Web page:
Understanding the money: financial reporting

The right reporting system can give education professionals compliance and reporting confidence; how can schools, academies and multi-academy trusts (MATs) ensure that they have one that meets their needs now and in the future?

You understand that having a good understanding of your school or academy’s financial position is essential if you want to make your money work harder. However, as schools are granted more autonomy and responsibility for their budgets, it is important that everyone understands the role they play. Where heads of department and teachers, for example, are monitoring their own budgets, it’s important that they understand this responsibility in the wider school context. To do this effectively requires a financial system that they can understand with ease – one that gives a clear overview.

So, what does a good financial reporting system look like – now and for the future? We asked the experts…

“A good financial system needs to present data in a way that is relevant to the person looking at it,” says Graham Cooper, head of education at Capita SIMS. A good financial reporting system should enable users to access the information relevant to their role – an SBL, for example, will not only need a clear overview but must also be able to mine down for detail – and the information should be presented in an easy-to-read way for the SBL as well as whoever they might need to present that information to.

“When selecting a system you should establish whether it enhances current business processes and provides assurance – through data security, auditability and process automation,” Andi Brown, director and co-founder of SAAF Education, adds. Another function that will be useful for SBLs is access to real-time information so that they can get the most up-to-date financial picture.

Graham also advises SBLs to consider whether potential suppliers are committed to ongoing developments before they get on board. The education landscape is changing rapidly, and so too is how schools operate; a great school financial system needs to be able to adapt accordingly.

Flexibility for the future

Andi lists some additional key system reporting considerations:

  • Can the system generate both VAT 100 and VAT 126 returns? Most academies start out falling under the VAT 126 scheme but may be required to register for VAT if they expand to become a MAT.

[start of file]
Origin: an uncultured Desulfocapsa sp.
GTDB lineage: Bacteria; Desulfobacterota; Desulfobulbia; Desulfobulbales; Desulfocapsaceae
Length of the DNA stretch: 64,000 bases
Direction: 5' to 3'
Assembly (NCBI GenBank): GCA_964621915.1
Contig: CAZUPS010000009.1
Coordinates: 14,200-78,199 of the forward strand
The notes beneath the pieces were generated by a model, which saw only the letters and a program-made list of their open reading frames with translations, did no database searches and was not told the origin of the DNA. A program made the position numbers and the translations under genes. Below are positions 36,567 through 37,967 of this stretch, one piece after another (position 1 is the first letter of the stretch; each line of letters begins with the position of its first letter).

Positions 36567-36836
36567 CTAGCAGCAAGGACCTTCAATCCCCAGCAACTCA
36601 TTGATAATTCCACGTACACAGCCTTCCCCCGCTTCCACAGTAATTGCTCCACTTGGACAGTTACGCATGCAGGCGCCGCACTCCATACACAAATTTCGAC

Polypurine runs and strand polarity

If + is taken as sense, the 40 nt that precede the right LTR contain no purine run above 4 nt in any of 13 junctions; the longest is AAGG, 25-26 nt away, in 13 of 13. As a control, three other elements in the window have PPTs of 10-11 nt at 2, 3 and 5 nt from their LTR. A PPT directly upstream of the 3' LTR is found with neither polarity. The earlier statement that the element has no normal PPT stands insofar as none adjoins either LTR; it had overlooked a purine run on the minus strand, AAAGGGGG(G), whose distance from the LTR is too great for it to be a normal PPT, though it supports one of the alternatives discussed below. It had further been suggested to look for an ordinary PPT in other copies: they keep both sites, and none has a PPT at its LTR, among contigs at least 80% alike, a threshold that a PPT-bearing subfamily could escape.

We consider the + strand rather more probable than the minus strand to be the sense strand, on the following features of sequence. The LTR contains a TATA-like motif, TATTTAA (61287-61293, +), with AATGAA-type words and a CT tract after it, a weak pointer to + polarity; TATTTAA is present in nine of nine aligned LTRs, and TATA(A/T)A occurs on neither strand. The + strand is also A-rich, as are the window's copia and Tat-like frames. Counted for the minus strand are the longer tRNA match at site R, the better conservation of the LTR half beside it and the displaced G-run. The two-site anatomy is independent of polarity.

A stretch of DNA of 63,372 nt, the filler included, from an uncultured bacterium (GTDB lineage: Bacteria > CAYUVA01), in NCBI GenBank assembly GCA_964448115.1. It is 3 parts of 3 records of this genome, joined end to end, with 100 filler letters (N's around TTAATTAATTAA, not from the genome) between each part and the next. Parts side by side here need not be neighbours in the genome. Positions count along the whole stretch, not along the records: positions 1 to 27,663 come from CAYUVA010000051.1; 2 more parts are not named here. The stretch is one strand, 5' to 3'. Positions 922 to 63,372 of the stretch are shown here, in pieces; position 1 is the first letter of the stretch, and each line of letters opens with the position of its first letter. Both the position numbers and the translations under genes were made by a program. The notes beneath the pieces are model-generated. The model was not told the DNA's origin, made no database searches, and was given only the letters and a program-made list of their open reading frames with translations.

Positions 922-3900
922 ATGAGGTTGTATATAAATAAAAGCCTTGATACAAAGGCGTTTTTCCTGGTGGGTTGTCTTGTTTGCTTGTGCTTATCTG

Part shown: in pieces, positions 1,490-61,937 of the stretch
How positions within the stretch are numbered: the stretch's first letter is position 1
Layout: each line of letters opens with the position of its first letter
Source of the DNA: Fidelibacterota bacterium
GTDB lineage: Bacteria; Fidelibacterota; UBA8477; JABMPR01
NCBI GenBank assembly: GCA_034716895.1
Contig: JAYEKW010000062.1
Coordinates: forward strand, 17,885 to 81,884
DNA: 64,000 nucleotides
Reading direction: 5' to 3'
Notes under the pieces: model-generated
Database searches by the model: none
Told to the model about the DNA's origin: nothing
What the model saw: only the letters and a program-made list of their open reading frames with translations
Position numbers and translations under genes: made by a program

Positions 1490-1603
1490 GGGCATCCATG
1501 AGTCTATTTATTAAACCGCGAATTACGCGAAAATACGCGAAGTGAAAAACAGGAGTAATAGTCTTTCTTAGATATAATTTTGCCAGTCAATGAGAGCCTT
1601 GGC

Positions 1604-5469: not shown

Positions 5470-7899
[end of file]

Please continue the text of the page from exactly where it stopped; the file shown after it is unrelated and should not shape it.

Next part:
• Does it have the capability to analyse finance data in different reporting categories? This will enable statutory returns, such as the academies’ budget forecast return, to be auto-generated or provide user-defined management reporting.
  • Is it charity-compliant, with the ability to analyse by different funds? This will support the creation of the year-end stat account disclosures such as the statement of financial activities (SOFA).
  • Does it have the ability to store or link to more than just financial data – for example, pupil numbers or staffing records? This enables education professionals to report on vital key performance indicators and supports benchmarking.
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Benefits to attainment

Interestingly, having a fully tuned-in financial reporting system can have far-reaching benefits for both students and school. “One school that we work with believes that having better insights into their finances has had a significant effect on their pupils’ attainment,” Graham says. “By being able to examine the areas or projects where investment has made a difference to students’ progress, the school has ensured that further investment is also directed where it will have the biggest impact.” Not only are you able to make strategic investment decisions that ensure optimum outcomes, but you can evidence them.

The benefits of an efficient financial reporting system are multi-faceted. If you want to lead your school, remember it is the primary tool for delivering financial insights and key to supporting strategic business decisions.

 Systems for MATs

Considering future requirements is important when selecting a system. As Andi points out, MAT expansion is high on the ESFA’s agenda so investing in a system built to accommodate multiple academies under one trust would be advantageous.

To do this Andi suggests that you should look for a system which:

  • can produce consolidated reports because, as MATs grow, your data sets will expand. If your system doesn’t include automated consolidated reporting it can become a huge time burden, as you’ll need to create them manually in Microsoft Excel which can expose you to processing errors;
  • allows you to consolidate by different groupings. This is key because it allows you to report by clusters or provider-types within your MAT, for example, primary/secondary/special;
  • has a chart of accounts that is fit for purpose – with room to expand if required;
  • supports the production of consolidated MAT accounts.

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